This prospective randomised non-inferiority study will provide a clear recommendation on the use of a postoperative orthosis after posteriorly stabilised thoracolumbar fractures. If no orthosis is proven to be non-inferior to an orthosis, this could lead to a change in postoperative protocols in which orthoses should not be used routinely. This could result in less unnecessary patient inconvenience and less costs.
The trial has started recruiting patients on 29 November 2016 and is currently under protocol V.4 designed at 8 August 2017. Recruitment is expected to be complete by the end of 2018.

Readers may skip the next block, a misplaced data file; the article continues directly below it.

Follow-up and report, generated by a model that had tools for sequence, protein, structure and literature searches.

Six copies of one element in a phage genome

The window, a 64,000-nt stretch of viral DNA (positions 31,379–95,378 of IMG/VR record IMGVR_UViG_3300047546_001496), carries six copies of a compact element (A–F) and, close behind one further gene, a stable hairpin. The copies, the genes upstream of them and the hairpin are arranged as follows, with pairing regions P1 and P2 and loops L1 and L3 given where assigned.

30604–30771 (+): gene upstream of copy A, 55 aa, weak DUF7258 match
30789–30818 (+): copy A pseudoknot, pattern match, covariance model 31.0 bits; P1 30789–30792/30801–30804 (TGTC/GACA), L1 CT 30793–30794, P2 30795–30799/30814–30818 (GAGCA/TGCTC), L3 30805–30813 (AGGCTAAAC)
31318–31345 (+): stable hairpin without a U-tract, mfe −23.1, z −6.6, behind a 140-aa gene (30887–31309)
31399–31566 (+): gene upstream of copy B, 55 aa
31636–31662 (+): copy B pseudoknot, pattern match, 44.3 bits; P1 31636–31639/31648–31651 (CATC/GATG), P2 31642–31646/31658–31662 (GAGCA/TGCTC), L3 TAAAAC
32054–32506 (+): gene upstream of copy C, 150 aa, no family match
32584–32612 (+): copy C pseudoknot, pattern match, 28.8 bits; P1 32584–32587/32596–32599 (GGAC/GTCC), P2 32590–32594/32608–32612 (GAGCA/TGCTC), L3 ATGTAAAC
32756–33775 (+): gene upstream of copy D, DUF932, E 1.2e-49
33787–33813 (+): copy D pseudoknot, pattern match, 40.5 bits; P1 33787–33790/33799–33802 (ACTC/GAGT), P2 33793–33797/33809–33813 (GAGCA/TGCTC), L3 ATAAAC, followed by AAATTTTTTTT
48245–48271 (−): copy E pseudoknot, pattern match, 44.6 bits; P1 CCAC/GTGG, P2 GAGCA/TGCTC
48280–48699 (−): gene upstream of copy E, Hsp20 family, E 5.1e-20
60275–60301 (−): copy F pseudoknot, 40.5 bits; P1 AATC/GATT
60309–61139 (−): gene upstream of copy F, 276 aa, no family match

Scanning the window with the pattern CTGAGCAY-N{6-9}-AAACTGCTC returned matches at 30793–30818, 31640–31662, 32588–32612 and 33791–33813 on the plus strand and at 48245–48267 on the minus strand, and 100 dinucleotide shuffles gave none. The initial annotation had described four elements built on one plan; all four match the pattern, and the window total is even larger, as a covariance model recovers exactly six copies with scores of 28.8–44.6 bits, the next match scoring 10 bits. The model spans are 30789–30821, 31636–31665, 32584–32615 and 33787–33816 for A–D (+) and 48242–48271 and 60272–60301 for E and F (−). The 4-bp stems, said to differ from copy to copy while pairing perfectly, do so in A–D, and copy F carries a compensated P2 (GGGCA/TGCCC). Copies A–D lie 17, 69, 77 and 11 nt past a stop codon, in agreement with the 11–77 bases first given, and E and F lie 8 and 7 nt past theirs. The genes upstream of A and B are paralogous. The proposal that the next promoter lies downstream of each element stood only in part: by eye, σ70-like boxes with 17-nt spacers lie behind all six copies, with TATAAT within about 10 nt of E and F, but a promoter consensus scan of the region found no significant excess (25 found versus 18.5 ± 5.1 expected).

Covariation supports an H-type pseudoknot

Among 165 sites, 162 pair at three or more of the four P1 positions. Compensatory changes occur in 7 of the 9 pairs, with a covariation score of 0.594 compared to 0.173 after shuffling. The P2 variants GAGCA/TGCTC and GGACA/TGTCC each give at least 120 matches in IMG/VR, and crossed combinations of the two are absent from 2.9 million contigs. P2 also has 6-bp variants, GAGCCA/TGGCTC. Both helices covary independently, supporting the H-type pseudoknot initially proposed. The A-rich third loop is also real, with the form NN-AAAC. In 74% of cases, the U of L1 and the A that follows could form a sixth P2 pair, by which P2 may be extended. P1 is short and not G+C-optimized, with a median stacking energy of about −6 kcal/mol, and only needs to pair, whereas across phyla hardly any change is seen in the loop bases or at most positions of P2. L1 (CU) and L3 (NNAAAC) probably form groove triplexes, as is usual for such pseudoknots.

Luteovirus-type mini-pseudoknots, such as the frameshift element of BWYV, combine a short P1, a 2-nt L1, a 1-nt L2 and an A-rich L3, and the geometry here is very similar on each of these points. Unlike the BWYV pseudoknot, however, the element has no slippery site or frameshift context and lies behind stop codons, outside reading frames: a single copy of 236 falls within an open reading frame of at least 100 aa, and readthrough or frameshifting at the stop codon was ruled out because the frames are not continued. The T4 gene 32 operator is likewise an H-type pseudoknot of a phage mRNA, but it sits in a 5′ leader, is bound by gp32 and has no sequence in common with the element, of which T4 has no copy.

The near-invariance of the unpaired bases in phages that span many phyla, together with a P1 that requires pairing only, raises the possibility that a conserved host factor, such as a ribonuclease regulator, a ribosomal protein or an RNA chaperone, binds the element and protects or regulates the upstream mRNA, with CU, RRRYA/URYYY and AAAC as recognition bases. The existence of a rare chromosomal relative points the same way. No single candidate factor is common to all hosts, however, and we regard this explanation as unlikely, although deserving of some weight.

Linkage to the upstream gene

Contributors AJS, JD and FWB designed the trial and are principal investigators. AJS reviewed literature, acquired data and drafted the manuscript. JD, FWB, MCA, DHRK and AS contributed to the drafting of the manuscript. All authors read and approved the final manuscript.
Funding This research received no specific grant from any funding agency in the public, commercial or not-for-profit sectors.
Competing interests None declared.
Ethics approval The study protocol has first been approved by the MOVE research institute affiliated with VUmc Amsterdam on 18 July 2016 (protocol number 16.06). The ResearchEthics Committee/Institutional Review Board (METc VUmc) approved the study on 11 October 2016 (case number 2016.389).
Provenance and peer review Not commissioned; externally peer reviewed.